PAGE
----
WASHINGTON -- Nine years after the Supreme Court said colleges and universities can use race in their quest for diverse student bodies, the justices have put this divisive social issue back on their agenda in the middle of a presidential election campaign.
Nine years is a blink of the eye on a court where justices can look back two centuries for legal precedents.
But with an ascendant conservative majority, the high court in arguments Wednesday will weigh whether to limit or even rule out taking race into account in college admissions.
The justices will be looking at the University of Texas program that is used to help fill the last quarter or so of its incoming freshman classes.
Race is one of many factors considered by admissions officers.
The rest of the roughly 7,100 freshman spots automatically go to Texans who graduated in the top 8 percent of their high school classes.
A white Texan, Abigail Fisher, sued the university after she was denied a spot in 2008.
The simplest explanation for why affirmative action is back on the court's calendar so soon after its 2003 decision in Grutter v. Bollinger is that the author of that opinion, Sandra Day O'Connor, has retired. Her successor, Justice Samuel Alito, has been highly skeptical of any use of racial preference.
Justice Anthony Kennedy, a dissenter in the 2003 decision, probably holds the deciding vote, and he, too, has never voted in favor of racial preference.
As a result, said Supreme Court lawyer Thomas Goldstein, "No matter what the court does, it is quite likely that the UT program is going to be in big trouble."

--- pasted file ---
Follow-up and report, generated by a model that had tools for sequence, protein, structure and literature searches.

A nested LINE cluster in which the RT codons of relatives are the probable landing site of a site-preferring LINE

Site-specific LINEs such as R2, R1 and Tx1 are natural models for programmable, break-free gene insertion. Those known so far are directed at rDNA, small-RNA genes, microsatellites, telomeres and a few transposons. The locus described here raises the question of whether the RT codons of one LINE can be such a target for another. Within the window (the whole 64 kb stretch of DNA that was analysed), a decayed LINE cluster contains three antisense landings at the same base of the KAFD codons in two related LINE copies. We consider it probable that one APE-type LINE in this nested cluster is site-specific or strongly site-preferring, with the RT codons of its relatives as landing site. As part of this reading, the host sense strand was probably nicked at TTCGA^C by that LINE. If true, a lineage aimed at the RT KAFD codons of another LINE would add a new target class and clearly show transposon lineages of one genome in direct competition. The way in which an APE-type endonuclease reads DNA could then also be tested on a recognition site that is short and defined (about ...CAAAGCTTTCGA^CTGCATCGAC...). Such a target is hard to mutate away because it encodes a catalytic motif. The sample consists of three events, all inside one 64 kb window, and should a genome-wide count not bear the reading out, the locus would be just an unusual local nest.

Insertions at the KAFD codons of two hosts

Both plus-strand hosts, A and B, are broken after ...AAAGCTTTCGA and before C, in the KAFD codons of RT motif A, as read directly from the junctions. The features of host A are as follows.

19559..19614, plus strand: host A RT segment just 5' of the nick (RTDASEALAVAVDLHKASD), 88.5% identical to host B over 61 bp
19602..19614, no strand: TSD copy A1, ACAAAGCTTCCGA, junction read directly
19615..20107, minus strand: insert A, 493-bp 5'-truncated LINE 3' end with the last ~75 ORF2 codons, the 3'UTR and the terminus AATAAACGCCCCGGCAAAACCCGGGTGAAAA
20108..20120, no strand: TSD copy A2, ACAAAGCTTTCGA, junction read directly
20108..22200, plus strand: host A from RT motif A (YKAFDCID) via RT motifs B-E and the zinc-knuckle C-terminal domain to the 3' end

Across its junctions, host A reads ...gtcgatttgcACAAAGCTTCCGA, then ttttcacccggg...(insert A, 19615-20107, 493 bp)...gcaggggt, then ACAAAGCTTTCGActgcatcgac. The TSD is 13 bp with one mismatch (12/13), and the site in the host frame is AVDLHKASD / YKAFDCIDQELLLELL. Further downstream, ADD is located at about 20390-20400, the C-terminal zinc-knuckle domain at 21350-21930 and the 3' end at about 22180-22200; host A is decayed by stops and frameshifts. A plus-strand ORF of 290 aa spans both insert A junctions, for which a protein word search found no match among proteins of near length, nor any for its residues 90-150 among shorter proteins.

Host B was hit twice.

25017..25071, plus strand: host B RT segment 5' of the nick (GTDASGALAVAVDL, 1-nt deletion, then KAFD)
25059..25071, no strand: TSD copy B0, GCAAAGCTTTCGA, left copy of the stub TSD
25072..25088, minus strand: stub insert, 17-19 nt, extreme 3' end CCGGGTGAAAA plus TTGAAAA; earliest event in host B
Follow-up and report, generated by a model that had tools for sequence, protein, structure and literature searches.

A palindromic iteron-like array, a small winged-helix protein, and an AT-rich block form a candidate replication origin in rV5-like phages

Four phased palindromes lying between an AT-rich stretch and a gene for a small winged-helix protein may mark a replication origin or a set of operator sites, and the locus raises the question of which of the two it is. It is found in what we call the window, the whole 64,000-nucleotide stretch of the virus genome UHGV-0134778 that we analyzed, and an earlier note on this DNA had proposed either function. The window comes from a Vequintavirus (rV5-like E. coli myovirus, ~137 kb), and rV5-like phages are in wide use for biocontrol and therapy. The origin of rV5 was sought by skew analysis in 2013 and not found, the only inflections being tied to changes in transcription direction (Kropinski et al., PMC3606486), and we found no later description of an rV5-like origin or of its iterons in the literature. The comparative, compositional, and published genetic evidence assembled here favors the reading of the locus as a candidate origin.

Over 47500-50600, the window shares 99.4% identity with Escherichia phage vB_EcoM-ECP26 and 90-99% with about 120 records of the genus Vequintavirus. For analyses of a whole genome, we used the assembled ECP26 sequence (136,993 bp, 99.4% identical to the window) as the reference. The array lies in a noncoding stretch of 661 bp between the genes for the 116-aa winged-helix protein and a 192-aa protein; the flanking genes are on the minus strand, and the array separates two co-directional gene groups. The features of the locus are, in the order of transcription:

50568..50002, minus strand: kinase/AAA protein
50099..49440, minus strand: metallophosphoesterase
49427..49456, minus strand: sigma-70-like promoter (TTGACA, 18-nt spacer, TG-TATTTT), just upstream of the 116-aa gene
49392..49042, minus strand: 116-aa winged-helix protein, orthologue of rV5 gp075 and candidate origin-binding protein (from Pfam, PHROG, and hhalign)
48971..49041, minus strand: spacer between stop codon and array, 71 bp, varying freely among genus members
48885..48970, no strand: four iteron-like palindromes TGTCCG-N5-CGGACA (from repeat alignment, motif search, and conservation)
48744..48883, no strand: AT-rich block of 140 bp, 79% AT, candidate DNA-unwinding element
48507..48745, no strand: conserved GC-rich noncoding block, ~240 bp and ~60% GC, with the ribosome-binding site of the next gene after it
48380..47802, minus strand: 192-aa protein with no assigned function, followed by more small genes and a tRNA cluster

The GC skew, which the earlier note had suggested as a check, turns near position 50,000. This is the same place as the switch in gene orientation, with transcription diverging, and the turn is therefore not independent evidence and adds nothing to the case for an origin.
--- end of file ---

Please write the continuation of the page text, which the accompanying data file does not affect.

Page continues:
The challenge to the Texas plan has gained traction in part because the university has produced significant diversity by automatically offering about three-quarters of its spots to graduates in the top 10 percent of their Texas high schools, under a 1990s state law signed by then-Gov. George W. Bush.
The admissions program has been changed so that now only the top 8 percent gain automatic admission.
More than eight in ten African-American and Latino students who enrolled at the flagship campus in Austin last year were automatically admitted, according to university statistics. Even among the rest, both sides acknowledge that the use of race is modest.
In all, black and Hispanic students made up more than a quarter of the incoming freshmen class. White students constituted less than half the entering class when students with Asian backgrounds and other minorites were added in.
"For decades, the defense of racial preferences was, 'We'd love to find a way to get diversity without using race, but it's just not possible. There's just no other way.' And Texas found another way," said Richard Kahlenburg, a senior fellow at the Century Foundation and prominent advocate of class-based affirmative action.